7 comments:

  1. I've been on the receiving end of perhaps one or two events that I'd consider "paranormal". In one instance, there was a voice that was audible to not just me but to someone else that was present . It was brief and unremarkable in terms of content, but it was also clear as a bell. The friend who was with me found it to be deeply unsettling.

    I do wonder what the theological implications of such events are, though. We are told that the dead are separated from us by a great chasm, and that they are either with God or not and that they cannot communicate with us, nor us with them.

    These (admittedly rare) events seem to contradict that, though.

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    1. 1) There are also demons, which could be tricksters. Not all paranormal experiences would be from dead people.

      2) I personally believe far more "paranormal" stuff happens than we realize or recognize. While not related to levitation and such, I've been reading a bit on the feeling of being stared at. It's a nearly universal experience. And it's heightened even more when reading battlefield stories (how often have you heard, "I felt like someone was looking at me, and I turned and there was an enemy shouldering his weapon and I barely got my shot off first"?). But beyond that, I've read reports where people have made claims where they look at specific parts of a person and get a reaction. For instance, one woman claimed that when she was in church services as a teenager, she would look up a few rows and stare at someone's ear and after a few moments the ear would start turning red and the guy would start to rub it, and so on. I've even done an experiment while riding public transportation where I'll concentrate on the floor and watch people's feet through my peripheral vision. People who are sitting without shifting at all will suddenly move their feet within seconds after I look at their foot directly. And while obviously I haven't done this scientifically, I estimate it's happened about 90% of the time that I've tried it, and it doesn't matter if it's a male or female I look at. Obviously, some of this could be attributed to coincidence, but it also seems to happen frequently enough to have some sort of correlation. And it should be noted that the people who shift their feet have no visible outward appearance of being aware that I suddenly looked at their feet; it just seems to be something they do automatically.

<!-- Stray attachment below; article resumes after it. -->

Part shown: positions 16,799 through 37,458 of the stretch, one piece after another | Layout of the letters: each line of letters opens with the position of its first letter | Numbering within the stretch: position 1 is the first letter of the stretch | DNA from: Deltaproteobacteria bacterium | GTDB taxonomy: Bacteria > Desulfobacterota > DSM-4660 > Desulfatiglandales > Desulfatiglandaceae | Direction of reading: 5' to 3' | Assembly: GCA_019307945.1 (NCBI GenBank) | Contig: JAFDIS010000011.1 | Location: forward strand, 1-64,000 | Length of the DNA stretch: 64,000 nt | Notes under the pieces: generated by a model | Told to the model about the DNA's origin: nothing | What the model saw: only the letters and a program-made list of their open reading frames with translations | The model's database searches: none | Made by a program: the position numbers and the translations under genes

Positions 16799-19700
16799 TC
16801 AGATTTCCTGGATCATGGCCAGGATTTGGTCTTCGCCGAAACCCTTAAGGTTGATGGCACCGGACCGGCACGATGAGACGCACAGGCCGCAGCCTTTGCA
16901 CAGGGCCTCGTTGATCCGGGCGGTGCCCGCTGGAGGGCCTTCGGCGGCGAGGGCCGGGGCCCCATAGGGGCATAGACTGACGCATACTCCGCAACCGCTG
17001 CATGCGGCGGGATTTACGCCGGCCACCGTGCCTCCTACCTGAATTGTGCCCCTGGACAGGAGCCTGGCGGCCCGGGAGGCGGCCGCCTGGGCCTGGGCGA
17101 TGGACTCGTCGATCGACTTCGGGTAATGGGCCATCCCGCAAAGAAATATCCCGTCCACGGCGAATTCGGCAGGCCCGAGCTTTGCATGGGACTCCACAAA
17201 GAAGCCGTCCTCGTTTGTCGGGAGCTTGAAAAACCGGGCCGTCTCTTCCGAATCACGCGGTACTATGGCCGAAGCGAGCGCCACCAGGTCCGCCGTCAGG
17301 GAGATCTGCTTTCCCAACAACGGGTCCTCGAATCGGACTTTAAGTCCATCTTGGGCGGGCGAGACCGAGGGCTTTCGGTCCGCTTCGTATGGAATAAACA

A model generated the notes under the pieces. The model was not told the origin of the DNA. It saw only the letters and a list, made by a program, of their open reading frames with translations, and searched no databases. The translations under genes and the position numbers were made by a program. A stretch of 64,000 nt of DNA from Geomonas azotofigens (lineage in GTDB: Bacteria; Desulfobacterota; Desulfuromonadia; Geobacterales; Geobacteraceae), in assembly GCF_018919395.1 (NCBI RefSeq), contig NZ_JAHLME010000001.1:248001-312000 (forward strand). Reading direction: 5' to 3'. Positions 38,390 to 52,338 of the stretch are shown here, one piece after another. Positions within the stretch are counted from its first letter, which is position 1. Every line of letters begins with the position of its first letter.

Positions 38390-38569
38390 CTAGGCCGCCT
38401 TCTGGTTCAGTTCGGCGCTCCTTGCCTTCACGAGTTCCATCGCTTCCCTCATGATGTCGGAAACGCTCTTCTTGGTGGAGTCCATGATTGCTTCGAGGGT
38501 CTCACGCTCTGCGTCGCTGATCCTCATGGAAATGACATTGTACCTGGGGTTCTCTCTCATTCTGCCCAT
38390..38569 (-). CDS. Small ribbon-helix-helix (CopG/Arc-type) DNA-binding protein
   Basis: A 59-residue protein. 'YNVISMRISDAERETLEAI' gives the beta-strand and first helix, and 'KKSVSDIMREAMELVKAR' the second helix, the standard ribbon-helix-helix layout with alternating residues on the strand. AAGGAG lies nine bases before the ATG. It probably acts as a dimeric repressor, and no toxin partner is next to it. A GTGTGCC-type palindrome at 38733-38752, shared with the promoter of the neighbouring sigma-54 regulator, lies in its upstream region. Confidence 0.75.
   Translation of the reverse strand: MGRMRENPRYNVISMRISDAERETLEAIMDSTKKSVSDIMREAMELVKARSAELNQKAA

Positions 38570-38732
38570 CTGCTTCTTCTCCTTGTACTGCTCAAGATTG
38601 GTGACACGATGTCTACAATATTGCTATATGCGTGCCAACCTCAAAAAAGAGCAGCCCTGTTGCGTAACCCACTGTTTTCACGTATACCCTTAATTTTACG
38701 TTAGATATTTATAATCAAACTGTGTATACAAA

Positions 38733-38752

All that to say, there's probably tons of stuff that happens to us that we're not even aware of that we would classify as paranormal if we were aware of it.

      3) I would not put much stock in the literal depiction of the chasm separating the dead, and so forth. But even if it was literal, there's nothing to say that the instant a person dies that his spirit is transported to that location. For that matter, it's becoming an increasingly gray area as to when death actually occurs as people who we've considered dead before have been resuscitated now. It is quite plausible that for quite some time after the body dies the spirit remains, and I'd even say (given some of the experiences relayed in NDEs) that it's possible that a spirit may not even realize he is separated from his body for some time. I would imagine this might be even more of a potential in cases where someone is insane and already doesn't know what is real, which might even lead to more lashouts that you find in phenomenon such as poltergeists.

      In the end, one thing seems clear to me. There is too much eyewitness testimony through history from nearly every single culture and nationality on earth describing events that are relegated to the "paranormal" by Western scientists for me to think that every instance is fictional. There's a reason that every culture has a concept of ghosts, for example. Add on top of this the fact that there also is too much evidence, of the kind that Jason is documenting, to dismiss it all as hoaxes too, and I think that the Western skepticism is far too strong for what is warranted.